Housekeeping Matters

This morning, I spent some time going through and sorting a stack of papers that had been building up near my desk and that made me think about housekeeping – corporate housekeeping. Often, businesses are started casually, with one or only a few practitioners, who are eager to “get under way.” When the business grows and someone is hired to manage compliance issues, it is infrequent that historic documentation is checked and verified. As a result, business compliance formalities, which can be quite time-consuming for licensed professionals, may be approached haphazardly or ignored altogether until, of course, a problem arises. So here I present to you a checklist and a challenge – do you have all of these documents on hand?

State Registration Documents.

Every business entity must be actively registered in the state in which it is domiciled. In addition to the initial filings, many states have ongoing filing requirements; if such filings are not made, a state may deactivate an entity. In addition to its home state, a business must register in those other states in which it does business; exactly when “foreign” registration is required is dependent on the type and level of activity occurring in the foreign jurisdiction and you may need an accountant or attorney to make that call.


Design professionals must pay particular attention to and demonstrate compliance with the licensing requirements, for both the entity and individuals, of the home state as well as any state in which a project is located. Like state registration, licensing requirements vary from state to state; some states require that the entity be licensed in advance of soliciting work within the state. Both the state and the licensing body may also require notification when certain changes, such as a change of address or a change of ownership or responsible professional, occur.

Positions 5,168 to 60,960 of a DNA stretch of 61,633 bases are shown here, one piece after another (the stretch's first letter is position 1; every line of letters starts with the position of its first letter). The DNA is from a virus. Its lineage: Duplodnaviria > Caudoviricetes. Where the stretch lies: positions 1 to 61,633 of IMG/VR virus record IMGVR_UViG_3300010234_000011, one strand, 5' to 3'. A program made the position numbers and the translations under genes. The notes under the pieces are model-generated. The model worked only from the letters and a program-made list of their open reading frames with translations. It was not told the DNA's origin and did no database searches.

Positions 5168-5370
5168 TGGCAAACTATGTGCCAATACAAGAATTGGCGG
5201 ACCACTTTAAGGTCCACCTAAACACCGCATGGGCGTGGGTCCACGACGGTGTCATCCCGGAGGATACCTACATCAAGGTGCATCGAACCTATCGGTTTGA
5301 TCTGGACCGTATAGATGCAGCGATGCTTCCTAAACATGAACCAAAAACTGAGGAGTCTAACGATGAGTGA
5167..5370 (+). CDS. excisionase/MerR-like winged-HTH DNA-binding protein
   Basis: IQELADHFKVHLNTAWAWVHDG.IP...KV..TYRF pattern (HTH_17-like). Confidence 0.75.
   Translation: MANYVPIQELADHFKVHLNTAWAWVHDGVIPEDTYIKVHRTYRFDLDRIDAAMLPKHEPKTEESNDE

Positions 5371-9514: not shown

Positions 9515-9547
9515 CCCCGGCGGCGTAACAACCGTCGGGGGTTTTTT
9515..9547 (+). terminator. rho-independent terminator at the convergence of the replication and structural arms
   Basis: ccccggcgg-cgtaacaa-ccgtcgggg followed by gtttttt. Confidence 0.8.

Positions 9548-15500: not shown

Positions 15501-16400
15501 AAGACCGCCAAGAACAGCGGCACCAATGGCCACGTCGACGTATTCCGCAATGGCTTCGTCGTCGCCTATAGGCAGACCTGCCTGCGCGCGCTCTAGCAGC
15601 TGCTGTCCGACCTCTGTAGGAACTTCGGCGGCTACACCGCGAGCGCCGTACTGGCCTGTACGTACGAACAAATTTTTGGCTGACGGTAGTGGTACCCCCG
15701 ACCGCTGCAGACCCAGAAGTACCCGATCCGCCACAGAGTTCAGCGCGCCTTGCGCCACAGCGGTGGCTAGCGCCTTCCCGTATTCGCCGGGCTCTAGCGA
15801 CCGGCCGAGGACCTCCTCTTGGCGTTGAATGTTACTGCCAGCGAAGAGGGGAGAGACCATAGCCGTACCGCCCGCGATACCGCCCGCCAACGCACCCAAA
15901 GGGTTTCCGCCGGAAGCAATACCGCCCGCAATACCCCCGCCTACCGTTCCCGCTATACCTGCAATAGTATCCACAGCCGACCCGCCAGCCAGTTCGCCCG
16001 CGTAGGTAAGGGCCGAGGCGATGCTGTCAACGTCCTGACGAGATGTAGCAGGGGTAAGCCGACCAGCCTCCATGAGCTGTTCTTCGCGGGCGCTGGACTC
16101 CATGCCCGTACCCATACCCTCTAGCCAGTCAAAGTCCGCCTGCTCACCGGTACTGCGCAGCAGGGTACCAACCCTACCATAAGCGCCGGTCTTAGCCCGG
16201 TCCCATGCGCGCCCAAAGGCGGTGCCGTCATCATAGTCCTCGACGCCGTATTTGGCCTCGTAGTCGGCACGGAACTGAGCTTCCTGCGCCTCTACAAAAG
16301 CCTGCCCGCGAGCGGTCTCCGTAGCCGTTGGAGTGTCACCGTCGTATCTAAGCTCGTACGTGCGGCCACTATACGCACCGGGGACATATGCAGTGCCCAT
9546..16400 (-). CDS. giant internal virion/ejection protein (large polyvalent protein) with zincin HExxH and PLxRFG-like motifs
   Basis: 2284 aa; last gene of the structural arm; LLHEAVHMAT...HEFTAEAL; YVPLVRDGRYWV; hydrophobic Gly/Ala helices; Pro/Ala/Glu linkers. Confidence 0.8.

Internal Organization Documents

Confirm that the entity management agreement, such as the LLC Operating Agreement, the Partnership Agreement or the Shareholders Agreement, is on hand and fully executed, both by the initial owners as well as anyone who received an ownership interest after the business was established. Were any amendments to the original agreements, or other governing documents such as corporate by-laws, completed and adopted?

Evidence of Ownership

Were stock certificates or other evidence of ownership duly issued? Can all current owners produce those certificates? If any prior ownership interests were terminated, was evidence of ownership retrieved and cancelled?

MWBE Documentation

MWBE status may be established at both the state and federal levels. MWBE requirements vary from jurisdiction to jurisdiction and most require recertification or proof of compliance from time to time.

Meetings and Minutes

Some entities are required to hold annual meetings, elect directors, appoint officers, etc. as a matter of law or by contract. Are there written records of such annual or other meetings? In addition to the historical benefits of such recordkeeping, an inability to produce these records can be a primary factor in “piercing the corporate veil,” i.e., charging the business owners with personal liability.

Is your “house” in order? I would be interested to hear what you find.

About The Author

Patti Harris spent 13 years as the Managing Partner of a New York City-based construction law firm; in addition to overseeing the business operations of the firm, she advised clients on office and business management issues.

Learn more about Patti on our About page.

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